We get up at 5 as planned, and are out the door by 5:30. We hot foot it over to the church, where we had to load about 60 sheets of 4’x12′ pieces of sheetrock (drywall) for this house we’re helping rebuild. Phil (my boss) teaches me how to drive the huge flatbed truck we’re using to haul everything. It’s a stick diesel truck. So I can now operate a forklift and drive a semi huge vehicle. Well, to make a long story short we busted our you know whats hauling these sheets into the house one at a time by hand. And let me tell you: respect the drywall worker. He, like the roofer, has a tougher job than most would realize. CURRENT STATUS: Sweaty, dog tired, but exhilirated.

Once we get done with that, we head back to home base where we learn that the toilet and shower trailer has become clogged. After checking out the scene (flushing toilets, turning on faucets etc.) we determine that yes, indeed, it is a clog in the pipes. You can now see where I was going with the previous title of this post…

So we bust out the tools. At the first crank of the plug with the wrench stuff is spraying like its a pressure cooker from hell. Phil was a real trooper though and wouldn’t let a little thing like everyone’s sewage going everywhere stop him from getting the job done. We tried opening plugs, checking pipes (luckily they are all above ground), running snakes, and finally ended on the least favored option: cutting the pipe.

Okay, if stuff was gross before, this was a whole new level of funk. When Phil cut that pvc pipe with the saw zaw, it was like a mega ultra super soaker shooting mississippi mud. Only, we weren’t in mississippi and it wasn’t mud. CURRENT STATUS: More sweaty, dog tired, poopy attitude (sorry).

This unforseen chore had now eaten up our “getting ahead of scedule so we look like we know what we’re doing” time. So now its time for getting everything loaded for the big community cookout. Luckily I have just enough time to run back and shower before heading out.

To make another long story short, we get there and set up to start grilling. The teams were a big help getting things rolling. I was on grill duty again, which was hot fun. Everything just clicked. It felt peaceful and good. Not to mention totally sucsessful! Kids playing in the field, people actually staying and hanging out, laughing. Good food, good burgers, and just a totally awesome time!!!

Thats when it started raining.

Everyone scattered. People huddling under tents, crowded. Some just left. Most thought it was no big deal- that’s the way it is in the big (not so) easy- storms go from 0 to 60 in 2.3 seconds. Then they’re over. We had a good time huddling in the tents, laughing and waiting for it to pass. Only, it didn’t pass.

Then there was the lightning.

The wind picked up drastically, and the tents started shaking. Thankfully, they were strong and the tethers helped. We watched as the lightning strikes got closer and closer until they were ALL AROUND US. Some just feet away, at the edge of the field. You could feel it on the back of your neck. At this point most everyone that was from the church with us left, except for the teams. The wind is so hard that the rain was coming into the tent anyway. The streets had utterly flooded, and the water line was now creeping into the field. Not to mention we were running out of daylight. Finally, the decision was made. We had to start packing everything up in the rain and lightning. CURRENT STATUS: all kinds of wet.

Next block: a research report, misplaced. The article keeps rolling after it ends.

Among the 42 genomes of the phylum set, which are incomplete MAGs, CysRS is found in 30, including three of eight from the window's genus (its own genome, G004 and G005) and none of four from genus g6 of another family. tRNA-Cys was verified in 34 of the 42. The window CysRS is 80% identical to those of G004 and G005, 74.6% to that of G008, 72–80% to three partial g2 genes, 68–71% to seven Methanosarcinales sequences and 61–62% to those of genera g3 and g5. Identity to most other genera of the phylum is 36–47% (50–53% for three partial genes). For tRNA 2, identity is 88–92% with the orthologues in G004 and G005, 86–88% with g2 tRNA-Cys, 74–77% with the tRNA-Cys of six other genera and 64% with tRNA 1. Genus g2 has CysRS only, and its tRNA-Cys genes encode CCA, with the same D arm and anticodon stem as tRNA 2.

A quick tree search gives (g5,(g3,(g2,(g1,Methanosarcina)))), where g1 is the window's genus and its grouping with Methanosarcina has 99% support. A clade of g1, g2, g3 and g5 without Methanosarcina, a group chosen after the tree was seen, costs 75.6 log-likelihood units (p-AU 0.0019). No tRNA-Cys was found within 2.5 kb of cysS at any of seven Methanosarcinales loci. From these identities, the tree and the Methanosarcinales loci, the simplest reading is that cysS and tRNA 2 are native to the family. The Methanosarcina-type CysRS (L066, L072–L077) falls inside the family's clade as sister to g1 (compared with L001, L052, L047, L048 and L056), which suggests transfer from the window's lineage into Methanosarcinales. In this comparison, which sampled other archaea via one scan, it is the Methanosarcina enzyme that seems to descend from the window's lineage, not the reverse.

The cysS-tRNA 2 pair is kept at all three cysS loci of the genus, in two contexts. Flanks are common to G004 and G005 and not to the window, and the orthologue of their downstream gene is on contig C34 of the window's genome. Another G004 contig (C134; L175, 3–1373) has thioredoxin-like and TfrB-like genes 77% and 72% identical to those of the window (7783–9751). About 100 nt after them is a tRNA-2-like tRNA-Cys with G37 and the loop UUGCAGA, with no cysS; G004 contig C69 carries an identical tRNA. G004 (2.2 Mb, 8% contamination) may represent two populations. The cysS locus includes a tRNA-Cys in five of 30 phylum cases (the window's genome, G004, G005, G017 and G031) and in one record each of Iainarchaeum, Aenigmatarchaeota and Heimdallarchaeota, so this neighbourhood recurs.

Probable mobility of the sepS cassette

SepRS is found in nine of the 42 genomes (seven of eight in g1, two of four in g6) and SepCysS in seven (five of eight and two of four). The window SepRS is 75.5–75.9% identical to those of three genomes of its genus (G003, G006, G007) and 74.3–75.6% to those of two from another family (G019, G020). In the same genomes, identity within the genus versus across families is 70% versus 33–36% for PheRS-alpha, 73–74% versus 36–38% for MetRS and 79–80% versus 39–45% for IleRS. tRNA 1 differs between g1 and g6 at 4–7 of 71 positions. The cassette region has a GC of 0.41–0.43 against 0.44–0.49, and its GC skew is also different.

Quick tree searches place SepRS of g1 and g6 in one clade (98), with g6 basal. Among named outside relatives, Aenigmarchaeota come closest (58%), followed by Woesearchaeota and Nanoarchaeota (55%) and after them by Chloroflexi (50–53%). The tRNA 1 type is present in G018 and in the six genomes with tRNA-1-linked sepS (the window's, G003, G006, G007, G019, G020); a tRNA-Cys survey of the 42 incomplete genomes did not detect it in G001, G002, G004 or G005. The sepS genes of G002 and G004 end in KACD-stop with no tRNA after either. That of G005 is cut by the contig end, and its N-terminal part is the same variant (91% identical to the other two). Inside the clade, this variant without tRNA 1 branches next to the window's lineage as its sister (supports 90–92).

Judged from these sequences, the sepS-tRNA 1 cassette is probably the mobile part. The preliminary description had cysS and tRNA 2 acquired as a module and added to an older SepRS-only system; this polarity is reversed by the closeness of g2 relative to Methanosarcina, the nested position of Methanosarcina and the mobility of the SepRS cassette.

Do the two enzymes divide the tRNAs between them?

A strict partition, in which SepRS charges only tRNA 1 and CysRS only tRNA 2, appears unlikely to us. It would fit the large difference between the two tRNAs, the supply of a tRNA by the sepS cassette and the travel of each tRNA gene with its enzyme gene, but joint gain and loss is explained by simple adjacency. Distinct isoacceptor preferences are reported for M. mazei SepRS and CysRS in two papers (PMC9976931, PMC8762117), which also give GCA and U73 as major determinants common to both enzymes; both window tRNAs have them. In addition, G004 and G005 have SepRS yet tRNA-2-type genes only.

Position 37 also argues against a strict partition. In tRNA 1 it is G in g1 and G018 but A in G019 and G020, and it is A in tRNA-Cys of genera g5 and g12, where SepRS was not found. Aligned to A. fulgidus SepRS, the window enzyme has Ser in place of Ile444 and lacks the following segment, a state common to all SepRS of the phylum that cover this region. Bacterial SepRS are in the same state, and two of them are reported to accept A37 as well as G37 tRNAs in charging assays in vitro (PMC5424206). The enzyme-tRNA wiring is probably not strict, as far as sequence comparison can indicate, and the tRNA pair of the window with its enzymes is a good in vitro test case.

It was just so crazy- danger, chaos, feverish working… We had to drop grills off at the church a few blocks away using the big diesel truck. Stacy and I hop on the back to make sure the grills don’t slide off. That was surreal. Driving through flooded streets in the middle of a thunderstorm soaked to the bone on a giant metal plate half past dusk. At first we were laughing like crazy at the ridiculousness of it all. We unloaded the grills and headed back to the site. On the way back, we were sitting in the newly formed traffic and I locked eyes with a guy in a van. He wasn’t laughing. And I realized that this was his neighborhood. Or at least, the memories of Katrina were too fresh in his mind. It sobered me. Stacy must’ve picked up on it too, because we both went from giddy to pensive pretty quickly.

Apparently, it was the worst storm this year down here. I think. But again, to make yet another long story short, we make it back home just in time for the rain to stop. We had to leave my car down there because it wouldn’t have made it in the rain (we got it back safely the next day though).

To cap off such a crazy evening, the mercy response staff all head out to O’Henrys for nice meal. What. A. Day. CURRENT STATUS: Thankful.

3 comments July 22nd, 2006



We’ve had some–er–living situation drama lately.  We were asked to leave our apartment much sooner than we had anticipated.  (It’s finally finished being renovated, so the owner wants to rent it out again, instead of letting us Mercy Response folks stay there rent-free.)  Phil, the other guy who lives at the apartment with us, got a trailer so he can now stay here at the church.  Mike and I, well… at first we were supposed to move in with a couple from the church.  And… after meeting them, well… I cried.  They were super nice, super friendly, but still strangers.  Being a high “I” for all you Myers-Briggs fanatics out there, hanging out with stranger is not my favorite thing to do.  The thought of living with strangers is, in fact, down right stressful.